Lakota

Native American Chef Loretta Barrett Oden (Citizen Potawatomi Nation) hosts the Emmy-award-winning PBS cooking, travel and Native American culture, five-part series.

Power Paths follows a grassroots coalition determined to transform their reservation’s economy to green energy, preserving their land for future generations.

Sandy White Hawk’s story of adoption is not of saving an orphan, but of creating one. At 18-months she was removed from her Sicangu Lakota relatives and taken to live with missionaries, a traumatic experience she later found to be part of a federally-funded assimilative movement that targeted American Indian children.

A stunning coming-of-age journey from the Pine Ridge Reservation, set against a background of rising tension and protest, a Lakota/Northern Cheyenne teenager learns first-hand what it means to lead a new generation and enter adulthood in a world where the odds are stacked against him.

Medicine Woman, interweaves the lives of Native American women healers of today with the story of America’s first Native doctor, Susan La Flesche Picotte (1865-1915). The one-hour PBS documentary produced by and about women, features historic and contemporary profiles of female healers, starting with Susan La Flesche Picotte (1865-1915) of the Omaha Tribe of Nebraska. 

In 2012, a film that Randy Vasquez directed and I produced, called The Thick Dark Fog, was broadcast nationwide on PBS. The film tells the story of Lakota elder Walter Littlemoon’s journey of healing from his American Indian boarding school experiences. During the production of the film, we spoke to many Native elders who had gone to boarding school.

Medicine Woman, interweaves the lives of Native American women healers of today with the story of America’s first Native doctor, Susan La Flesche Picotte (1865-1915). The one-hour PBS documentary, produced by and about women, asks the pivotal question:  What does it take to heal a people?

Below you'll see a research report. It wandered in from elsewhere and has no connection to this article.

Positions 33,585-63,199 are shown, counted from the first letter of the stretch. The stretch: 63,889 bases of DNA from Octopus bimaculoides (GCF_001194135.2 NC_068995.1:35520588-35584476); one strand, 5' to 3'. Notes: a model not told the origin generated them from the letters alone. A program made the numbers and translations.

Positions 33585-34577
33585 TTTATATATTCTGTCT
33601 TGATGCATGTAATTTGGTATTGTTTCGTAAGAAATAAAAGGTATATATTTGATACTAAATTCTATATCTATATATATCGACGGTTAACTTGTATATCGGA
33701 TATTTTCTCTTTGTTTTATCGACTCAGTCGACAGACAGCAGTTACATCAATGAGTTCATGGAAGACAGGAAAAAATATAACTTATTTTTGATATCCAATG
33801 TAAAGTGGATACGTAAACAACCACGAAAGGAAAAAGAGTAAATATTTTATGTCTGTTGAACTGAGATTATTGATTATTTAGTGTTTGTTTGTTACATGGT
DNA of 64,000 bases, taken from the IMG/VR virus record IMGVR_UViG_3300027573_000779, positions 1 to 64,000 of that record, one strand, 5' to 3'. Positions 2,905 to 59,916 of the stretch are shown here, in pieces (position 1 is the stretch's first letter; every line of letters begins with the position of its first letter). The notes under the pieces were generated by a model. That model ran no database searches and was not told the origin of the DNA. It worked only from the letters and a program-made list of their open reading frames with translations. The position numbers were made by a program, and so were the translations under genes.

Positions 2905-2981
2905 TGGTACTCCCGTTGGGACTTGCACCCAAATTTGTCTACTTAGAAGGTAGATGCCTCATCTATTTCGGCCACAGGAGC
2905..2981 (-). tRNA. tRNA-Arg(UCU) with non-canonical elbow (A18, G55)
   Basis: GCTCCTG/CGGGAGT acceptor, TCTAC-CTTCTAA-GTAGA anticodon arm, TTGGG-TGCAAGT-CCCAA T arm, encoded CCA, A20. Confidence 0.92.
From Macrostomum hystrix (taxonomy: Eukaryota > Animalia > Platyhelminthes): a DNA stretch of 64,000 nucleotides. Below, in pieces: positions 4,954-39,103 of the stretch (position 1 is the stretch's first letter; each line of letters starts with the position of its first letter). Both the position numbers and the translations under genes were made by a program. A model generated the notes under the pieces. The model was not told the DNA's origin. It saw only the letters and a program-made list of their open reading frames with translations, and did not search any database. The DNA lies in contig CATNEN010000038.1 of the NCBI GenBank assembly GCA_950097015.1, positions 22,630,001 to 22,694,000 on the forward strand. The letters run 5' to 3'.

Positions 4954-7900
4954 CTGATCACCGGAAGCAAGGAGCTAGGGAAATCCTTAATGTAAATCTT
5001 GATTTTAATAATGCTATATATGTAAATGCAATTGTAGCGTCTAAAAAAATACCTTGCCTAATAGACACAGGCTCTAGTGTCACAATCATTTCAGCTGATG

A provocative film from the American Indian perspective that reframes today’s controversial energy debate while the fate of the environment hangs in the balance. Red Power Energy illustrates the complex realities of Indian reservations grappling with how to balance their natural resources with their traditional beliefs.

The following are video chapters created to match with lesson plans outlined in the educational guide for Across the Creek.

Click the title of the chapter to see video.

The film Across the Creek is the story of the Lakota tribe in South Dakota, and their struggle to reclaim their culture through language, dance, working with the land, and participating in cultural activities.

Michael has worked with Indian Peoples all his adult life.

Beginning with the Seattle Indian Center (1972) as a peer counselor; to Cultural Education Coordinator (1973-1975) for United Indians of All Tribes Foundation, Seattle. At UIATF, he visioned and produced the 1st American Indian Film Festival, March 1975 at the University of Washington. Later the film festival was sponsored by the San Francisco Indian Center (1977-1978) and National Congress of American Indians (1979) where Michael served in public relations capacities.

Keeler was raised in California and moved to Omaha, Neb., to obtain her Bachelor of Arts degree in Journalism from Creighton University where she served as a student-body advisor working with the University's board of directors. She continued to hone her journalistic skills through various training opportunities while attending graduate school at the University of Nebraska-Lincoln (UNL), earning her Master of Arts degree in Journalism in May 2014.

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